There are probably clouds in Pluto’s sky

New data transmitted by the New Horizons probe has allowed scientists to spot what could be several clouds within the hazy atmosphere of the dwarf planet Pluto. But to confirm the presence of clouds, it will be necessary to return there.

NASA’s New Horizons spacecraft flew by Pluto in July 2015, and continues to transmit data to Earth as it now travels past Pluto to another dwarf planet called 2014 MU69. During a conference which took place this Tuesday, October 18 in Pasadena, California, the scientists presented the latest information drawn from the data transmitted by New Horizons, which teaches us more about Pluto’s atmosphere but above all, about the presumed presence of clouds.

 » In the atmosphere, we noticed a large number of concentric layers of haze, more than two dozen. These layers stretch very high in the sky, up to more than 200 km “Said Alan Stern, principal investigator of the New Horizons mission. With his colleagues, the researcher especially highlighted the presence of at least seven luminous characteristics which could well be clouds.  » If there are clouds, it would mean that the weather on Pluto is even more complex than we had imagined. Alan Stern said in a statement released by NASA.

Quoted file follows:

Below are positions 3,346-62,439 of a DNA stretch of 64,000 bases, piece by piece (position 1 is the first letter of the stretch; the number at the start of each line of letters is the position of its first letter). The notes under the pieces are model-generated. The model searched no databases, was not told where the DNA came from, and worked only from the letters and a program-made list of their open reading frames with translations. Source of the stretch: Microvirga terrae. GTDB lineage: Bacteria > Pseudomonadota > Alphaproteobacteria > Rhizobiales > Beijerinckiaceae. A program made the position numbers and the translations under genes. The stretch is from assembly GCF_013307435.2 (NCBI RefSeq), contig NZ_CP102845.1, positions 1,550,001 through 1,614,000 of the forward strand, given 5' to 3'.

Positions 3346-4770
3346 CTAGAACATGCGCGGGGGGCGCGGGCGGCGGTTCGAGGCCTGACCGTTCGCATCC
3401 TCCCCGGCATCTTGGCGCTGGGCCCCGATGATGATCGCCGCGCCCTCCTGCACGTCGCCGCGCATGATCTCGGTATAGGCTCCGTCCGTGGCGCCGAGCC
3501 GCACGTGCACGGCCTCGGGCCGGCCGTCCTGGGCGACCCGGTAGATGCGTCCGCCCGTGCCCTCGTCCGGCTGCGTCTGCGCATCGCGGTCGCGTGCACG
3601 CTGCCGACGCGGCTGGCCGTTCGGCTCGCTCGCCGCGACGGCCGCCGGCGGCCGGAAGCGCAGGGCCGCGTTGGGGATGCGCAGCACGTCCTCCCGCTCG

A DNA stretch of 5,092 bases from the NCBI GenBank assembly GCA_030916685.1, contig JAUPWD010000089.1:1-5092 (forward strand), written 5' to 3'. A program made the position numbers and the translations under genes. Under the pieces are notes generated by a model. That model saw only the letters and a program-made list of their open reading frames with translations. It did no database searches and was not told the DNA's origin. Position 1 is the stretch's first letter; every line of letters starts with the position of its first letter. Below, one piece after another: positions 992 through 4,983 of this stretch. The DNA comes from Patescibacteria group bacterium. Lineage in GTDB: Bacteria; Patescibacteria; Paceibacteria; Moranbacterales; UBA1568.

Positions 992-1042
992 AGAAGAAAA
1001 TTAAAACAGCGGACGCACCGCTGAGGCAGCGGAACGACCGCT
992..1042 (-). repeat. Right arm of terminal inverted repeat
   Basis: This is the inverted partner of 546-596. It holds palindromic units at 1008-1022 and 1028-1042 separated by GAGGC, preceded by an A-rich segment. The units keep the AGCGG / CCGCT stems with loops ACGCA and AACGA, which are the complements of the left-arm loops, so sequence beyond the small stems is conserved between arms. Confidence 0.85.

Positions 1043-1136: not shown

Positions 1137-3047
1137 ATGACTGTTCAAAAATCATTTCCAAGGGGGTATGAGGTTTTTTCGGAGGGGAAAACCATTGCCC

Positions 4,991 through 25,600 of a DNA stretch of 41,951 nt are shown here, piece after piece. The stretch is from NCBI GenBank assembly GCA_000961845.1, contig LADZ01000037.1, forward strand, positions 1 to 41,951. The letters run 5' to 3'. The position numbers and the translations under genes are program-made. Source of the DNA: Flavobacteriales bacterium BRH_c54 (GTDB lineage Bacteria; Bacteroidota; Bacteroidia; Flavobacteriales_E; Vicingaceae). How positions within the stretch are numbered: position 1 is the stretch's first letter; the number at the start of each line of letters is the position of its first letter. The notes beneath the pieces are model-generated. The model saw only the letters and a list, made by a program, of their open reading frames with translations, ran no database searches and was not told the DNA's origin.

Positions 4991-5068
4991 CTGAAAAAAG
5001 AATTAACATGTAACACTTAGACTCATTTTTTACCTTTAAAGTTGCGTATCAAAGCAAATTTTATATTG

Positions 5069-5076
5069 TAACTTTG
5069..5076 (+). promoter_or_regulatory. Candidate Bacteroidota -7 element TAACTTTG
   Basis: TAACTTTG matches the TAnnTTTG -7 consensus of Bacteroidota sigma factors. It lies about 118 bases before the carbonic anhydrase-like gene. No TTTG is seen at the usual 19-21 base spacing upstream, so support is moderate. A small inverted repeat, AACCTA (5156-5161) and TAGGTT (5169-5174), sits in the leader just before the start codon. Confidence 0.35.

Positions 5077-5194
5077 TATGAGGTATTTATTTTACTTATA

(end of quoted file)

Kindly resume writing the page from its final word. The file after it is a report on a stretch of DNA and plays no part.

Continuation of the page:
» All of these clouds are similar in low altitude and size scale. We do not see large blocks, but individual and discreet clouds adds Stern.  » They were spotted near the terminator, the dividing line between day and night. This would confirm that these are clouds, as there are colder conditions where condensation processes are likely to occur.“.

For the moment, it is impossible to confirm that these are indeed clouds or if they are specific characteristics of the surface of the dwarf planet. To confirm this, we would have to return to Pluto with new instruments and stay there longer, with for example an orbiter.

At present, the New Horizons probe is about 5.5 billion kilometers from the earth and 540 million kilometers beyond Pluto, with a speed of over 52,000 km/h. It has so far transmitted about 99% of its data collected above Pluto, and the last data is expected to be transmitted this October 23. It will still be necessary to wait some time before they are analyzed.

Sources: NASA, Space

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